In Japan, it’s not rare to see a street attendant working past retirement, or a kind 80-year-old woman still running her family soba restaurant. It’s a widely known fact that this country has some of the oldest people in the world, falling only behind Hong Kong in life expectancy.
Why is this? Could it be the fantastic healthcare system, the high regard that seniors receive, or the fact that many of them remain active, getting up at 6 AM for their daily exercises? Of course these are all contributing factors, but we are missing a pretty important one: food.
Washoku, meaning traditional Japanese cuisine, promotes a balanced diet high in energy but low in fats and oils. Let’s try to forget about fattening ramen, wagyu and gyoza for a minute (if possible) and travel back to what was essential in the Japanese diet hundreds of years ago, before the influence of the West.
In the past, Buddhist monks encouraged people to eat clean vegetarian meals. They favoured little dishes like pumpkin, seaweed, tofu and pickles over eating only one large rice-based meal. This style came to be known as Shojin Ryori and is said to promote a long life. If the thousand-year-old monk still meditating on Mount Koya is anything to go by, it works.
While the average Japanese person may indulge themselves in the evening with the aforementioned guilty pleasures, in the morning, a nutritious meal still remains and usually involves grilled salmon, miso soup and a heavy serving of rice.
Breakfast is widely believed to be the most important meal of the day throughout Japan; research does suggest that skipping it can greatly increase your risk of heart disease and diabetes. Even those who are short on time manage to throw some natto (fermented soybeans) onto rice. It’s still nutritional and has phenomenally less sugar than a quick western breakfast of cereal.
Knowing that the traditional Japanese breakfast is full of nutritional value and energy, could this be the hidden secret to a long and happy life?
Let’s look further into one magical ingredient that happens to be the basis for many of Japan’s gratifying dishes: the soybean.
Affectionately known as ‘the wonder bean’, this little sphere is jam-packed with nourishment and can supply a big chunk of your daily vitamins. Eating it in its fermented form, either through miso soup or natto, also provides the gut with probiotics that can enhance the immune system.
Additionally, tofu (made from unfermented soybeans) has been proven to reduce cholesterol and is seen as a viable substitute for carbohydrates.
Like me, you might want to reconsider loathing natto.
When looking at the list of Japanese super-centenarians (someone who reaches the age of 110) you will notice a trend; a large number come from the sunny southern Japan island of Okinawa. Maybe it’s their calm way of life, or could it be their diet that’s the ticket to longevity?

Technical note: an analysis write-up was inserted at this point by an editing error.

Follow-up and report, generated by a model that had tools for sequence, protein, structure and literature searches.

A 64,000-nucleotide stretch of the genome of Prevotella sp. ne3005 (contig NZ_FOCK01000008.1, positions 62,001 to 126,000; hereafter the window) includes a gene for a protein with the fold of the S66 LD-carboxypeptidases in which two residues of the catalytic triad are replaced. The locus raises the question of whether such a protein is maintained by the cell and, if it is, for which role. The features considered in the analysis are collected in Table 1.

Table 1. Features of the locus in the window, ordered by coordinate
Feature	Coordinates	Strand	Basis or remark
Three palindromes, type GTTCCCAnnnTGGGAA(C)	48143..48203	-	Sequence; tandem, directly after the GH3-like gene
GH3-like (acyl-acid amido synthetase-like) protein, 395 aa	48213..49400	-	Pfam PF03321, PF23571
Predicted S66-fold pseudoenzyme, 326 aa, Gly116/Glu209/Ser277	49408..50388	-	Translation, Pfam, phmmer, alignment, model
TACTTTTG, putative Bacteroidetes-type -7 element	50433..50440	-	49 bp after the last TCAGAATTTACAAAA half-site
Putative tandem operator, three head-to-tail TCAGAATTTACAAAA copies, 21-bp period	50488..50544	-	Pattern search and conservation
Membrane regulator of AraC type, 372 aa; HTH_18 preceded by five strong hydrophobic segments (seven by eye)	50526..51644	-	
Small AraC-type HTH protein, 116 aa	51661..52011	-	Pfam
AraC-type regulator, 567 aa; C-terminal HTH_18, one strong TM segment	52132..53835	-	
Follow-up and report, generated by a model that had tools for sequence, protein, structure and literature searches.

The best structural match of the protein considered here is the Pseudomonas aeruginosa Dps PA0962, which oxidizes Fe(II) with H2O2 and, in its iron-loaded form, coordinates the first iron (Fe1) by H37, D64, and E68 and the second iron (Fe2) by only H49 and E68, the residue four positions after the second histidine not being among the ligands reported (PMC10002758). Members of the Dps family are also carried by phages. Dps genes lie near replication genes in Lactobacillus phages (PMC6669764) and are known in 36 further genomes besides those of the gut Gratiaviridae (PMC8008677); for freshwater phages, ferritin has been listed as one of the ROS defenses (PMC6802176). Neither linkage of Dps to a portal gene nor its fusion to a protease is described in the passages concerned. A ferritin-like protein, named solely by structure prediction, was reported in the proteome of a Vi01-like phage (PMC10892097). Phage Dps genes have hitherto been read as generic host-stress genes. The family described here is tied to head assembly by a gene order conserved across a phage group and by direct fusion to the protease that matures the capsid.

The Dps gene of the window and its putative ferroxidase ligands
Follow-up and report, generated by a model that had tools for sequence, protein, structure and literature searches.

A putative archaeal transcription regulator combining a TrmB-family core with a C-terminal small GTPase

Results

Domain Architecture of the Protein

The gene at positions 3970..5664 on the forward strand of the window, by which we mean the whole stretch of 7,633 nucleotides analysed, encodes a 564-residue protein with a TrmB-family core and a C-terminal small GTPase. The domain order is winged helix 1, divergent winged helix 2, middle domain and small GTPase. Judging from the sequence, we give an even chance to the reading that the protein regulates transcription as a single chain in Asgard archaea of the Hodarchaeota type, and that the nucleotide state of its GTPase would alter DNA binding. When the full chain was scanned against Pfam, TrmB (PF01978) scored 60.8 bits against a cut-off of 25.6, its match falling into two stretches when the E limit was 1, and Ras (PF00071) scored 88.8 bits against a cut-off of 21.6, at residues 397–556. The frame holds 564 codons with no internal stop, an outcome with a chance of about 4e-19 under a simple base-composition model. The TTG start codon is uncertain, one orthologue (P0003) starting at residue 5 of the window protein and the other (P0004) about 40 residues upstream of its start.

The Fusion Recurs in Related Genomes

Okinawa slightly differs from mainland food preferences by generally substituting the much-loved white rice with sweet potato and whole grains. They even have their own style of tofu called shima-dofu (island tofu) which claims to have a higher content of isoflavone than its counterpart. Isoflavone is a natural compound that has been linked to lowering cancer risks.
The sub-tropical climate of Okinawa gives rise to varying medicinal plants, anti-oxidant fruits and vegetables. Among these is goya, the crown jewel of Okinawa cuisine. It’s a very bitter vegetable, and its tartness is rumoured to grant many beneficial effects, such as reducing blood sugar levels. You will most likely see it fried along with tofu in the island’s famous dish, Goya Chanpuru.
Tea is also widely cultivated in the mountainous areas of Okinawa, with mugwort, turmeric and jasmine being consumed regularly. These teas are said to ease digestion and ward off illnesses.
Turning from the land to the sea, we find clear-blue water alive with plentiful seafood. Okinawa’s proximity to the ocean means fresh fish is readily available for its inhabitants. Everyone should know the importance of fish. Loaded with omega 3 fatty acids, they promote brain function and a healthy heart.
Alongside our slippery friends we find kombu seaweed. Filled with iron and calcium, it strengthens teeth and bones as well as boasts less sodium than other sources of iodine.
Unfortunately, the recent diversification of the Japanese diet means a continuing decline in demand for Japanese-born cuisine and an increase in cravings for higher fat content, like red meat, dairy and sugar. This can be attested to by the growing number of fast-food chains in Japan and individuals with obesity.
At the end of the day, don’t be too discouraged. Many of Japan’s oldest people have attributed all kinds of delicious food to their impressive ages. The late Masazo Nonaka, who died at age 113, said his secret was eating a lot of sweets; a sentiment carried on by the current oldest person in the world, Kane Tanaka.